The footprint of humans with serious psychological distress: a cross-sectional study of 1.5 million adults in the United States
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School of Production Engineering and Management, Technical University of Crete, Crete, Greece
Submission date: 2020-05-03
Final revision date: 2020-07-01
Acceptance date: 2020-07-02
Online publication date: 2020-07-27
Publication date: 2020-07-24
Health Psychology Report 2020;8(3):202–210
This study investigates the prevalence of serious psychological distress (SPD) in the United States during 2012-2018 as well as the characteristics of people with SPD with the ultimate goal to find statistically significant indi-cators for SPD.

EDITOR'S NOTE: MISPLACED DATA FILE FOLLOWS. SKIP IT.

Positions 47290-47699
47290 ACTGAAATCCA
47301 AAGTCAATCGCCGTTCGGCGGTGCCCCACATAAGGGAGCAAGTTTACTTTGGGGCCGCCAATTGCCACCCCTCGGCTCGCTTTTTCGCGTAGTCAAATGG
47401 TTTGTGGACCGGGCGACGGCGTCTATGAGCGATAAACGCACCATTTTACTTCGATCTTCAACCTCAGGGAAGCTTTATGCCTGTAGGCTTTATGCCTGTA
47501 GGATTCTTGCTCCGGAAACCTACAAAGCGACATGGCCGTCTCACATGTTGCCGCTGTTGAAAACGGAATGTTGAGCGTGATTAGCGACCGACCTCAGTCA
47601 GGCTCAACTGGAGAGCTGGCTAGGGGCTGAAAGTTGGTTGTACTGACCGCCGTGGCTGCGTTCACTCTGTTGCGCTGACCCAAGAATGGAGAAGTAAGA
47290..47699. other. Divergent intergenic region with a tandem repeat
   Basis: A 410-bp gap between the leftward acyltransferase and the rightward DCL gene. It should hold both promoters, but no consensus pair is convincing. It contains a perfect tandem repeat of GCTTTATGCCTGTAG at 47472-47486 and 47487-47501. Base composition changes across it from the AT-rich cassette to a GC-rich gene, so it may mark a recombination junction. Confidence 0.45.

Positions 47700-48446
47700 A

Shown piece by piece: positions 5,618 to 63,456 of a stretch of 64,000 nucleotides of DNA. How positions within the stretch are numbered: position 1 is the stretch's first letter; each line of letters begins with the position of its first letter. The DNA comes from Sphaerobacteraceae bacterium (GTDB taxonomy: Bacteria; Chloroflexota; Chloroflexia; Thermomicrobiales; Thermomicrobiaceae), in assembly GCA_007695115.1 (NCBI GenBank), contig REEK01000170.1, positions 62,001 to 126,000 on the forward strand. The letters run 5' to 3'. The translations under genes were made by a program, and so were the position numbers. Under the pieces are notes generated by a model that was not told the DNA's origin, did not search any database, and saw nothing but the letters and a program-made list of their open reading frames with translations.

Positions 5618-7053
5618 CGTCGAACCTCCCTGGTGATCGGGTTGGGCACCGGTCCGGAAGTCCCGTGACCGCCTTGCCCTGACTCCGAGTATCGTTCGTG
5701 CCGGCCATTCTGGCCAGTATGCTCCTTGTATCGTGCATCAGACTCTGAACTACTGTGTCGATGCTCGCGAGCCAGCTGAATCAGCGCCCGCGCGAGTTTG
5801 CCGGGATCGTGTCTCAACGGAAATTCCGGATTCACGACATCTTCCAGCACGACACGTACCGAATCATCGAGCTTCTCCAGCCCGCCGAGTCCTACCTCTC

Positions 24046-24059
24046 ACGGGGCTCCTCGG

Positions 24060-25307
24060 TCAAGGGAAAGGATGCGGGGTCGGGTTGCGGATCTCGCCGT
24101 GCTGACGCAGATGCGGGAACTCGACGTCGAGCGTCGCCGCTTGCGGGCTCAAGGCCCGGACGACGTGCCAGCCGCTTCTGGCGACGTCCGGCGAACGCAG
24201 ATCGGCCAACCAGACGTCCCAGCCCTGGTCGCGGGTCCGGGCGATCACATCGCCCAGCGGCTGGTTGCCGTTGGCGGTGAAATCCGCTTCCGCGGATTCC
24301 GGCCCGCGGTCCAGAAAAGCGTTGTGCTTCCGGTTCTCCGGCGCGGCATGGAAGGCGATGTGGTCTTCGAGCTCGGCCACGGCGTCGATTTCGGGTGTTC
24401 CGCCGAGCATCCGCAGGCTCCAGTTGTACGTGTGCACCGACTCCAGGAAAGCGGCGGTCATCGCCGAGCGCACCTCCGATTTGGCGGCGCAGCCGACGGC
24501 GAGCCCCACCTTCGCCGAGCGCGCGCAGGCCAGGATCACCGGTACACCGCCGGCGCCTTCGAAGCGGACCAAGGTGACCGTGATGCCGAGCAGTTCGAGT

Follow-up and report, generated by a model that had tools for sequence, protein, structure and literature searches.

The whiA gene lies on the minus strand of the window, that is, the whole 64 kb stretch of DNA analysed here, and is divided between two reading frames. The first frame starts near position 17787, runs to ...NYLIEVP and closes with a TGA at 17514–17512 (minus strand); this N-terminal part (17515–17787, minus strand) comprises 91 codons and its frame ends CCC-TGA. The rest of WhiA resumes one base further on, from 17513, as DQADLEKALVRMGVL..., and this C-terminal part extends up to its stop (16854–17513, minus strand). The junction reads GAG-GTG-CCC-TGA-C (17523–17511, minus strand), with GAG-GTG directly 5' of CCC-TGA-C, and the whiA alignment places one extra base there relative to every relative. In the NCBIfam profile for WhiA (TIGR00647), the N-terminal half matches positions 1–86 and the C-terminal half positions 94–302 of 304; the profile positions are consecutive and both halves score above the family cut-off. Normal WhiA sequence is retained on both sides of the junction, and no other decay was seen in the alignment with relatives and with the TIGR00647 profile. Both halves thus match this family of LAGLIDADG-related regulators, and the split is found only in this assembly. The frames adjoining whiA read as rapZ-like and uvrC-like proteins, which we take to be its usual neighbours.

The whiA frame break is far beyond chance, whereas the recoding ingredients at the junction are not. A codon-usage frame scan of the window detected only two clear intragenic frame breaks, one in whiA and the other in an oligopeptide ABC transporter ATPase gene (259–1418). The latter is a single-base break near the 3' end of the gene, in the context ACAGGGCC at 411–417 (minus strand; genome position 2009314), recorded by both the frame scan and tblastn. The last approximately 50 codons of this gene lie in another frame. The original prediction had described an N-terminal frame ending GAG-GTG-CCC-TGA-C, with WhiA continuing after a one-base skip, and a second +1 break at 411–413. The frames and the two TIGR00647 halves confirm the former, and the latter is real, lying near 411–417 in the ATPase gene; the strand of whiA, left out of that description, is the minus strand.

Participants and procedure:
The statistical methods used to analyze the results of this study are the chi-square and one-way analysis of variance (ANOVA) tests. Additionally, a multiple logistic regression analysis was used with the odds ratio (OR) to find statistically significant prognostic factors for SPD.

The prevalence of SPD was found to be 3.4%. The number of individuals with SPD increased from 2012 to 2018 by 34.1%. As indicated by multiple logistic regression analyses, individuals who have less than $35 000 family income have six times higher risk of SPD occurring (OR = 6.31), while white females (OR = 1.93) in the age group of 45-64 (OR = 2.01) who are not employed but have worked previously (OR = 1.25), and are di-vorced or separated (OR = 1.57) have a two-fold higher risk for the occurrence of this type of disorder. In addi-tion, the risk of SPD is fivefold higher in poor individuals (OR = 4.81) with inadequate education (OR = 5.44).

The results of this study explain the significance of deprivation (of financial comfort, education, husband, and work) as the main prognostic risk factor for SPD. Moreover, individuals with SPD are more likely to be white females in the age group of 45-64.

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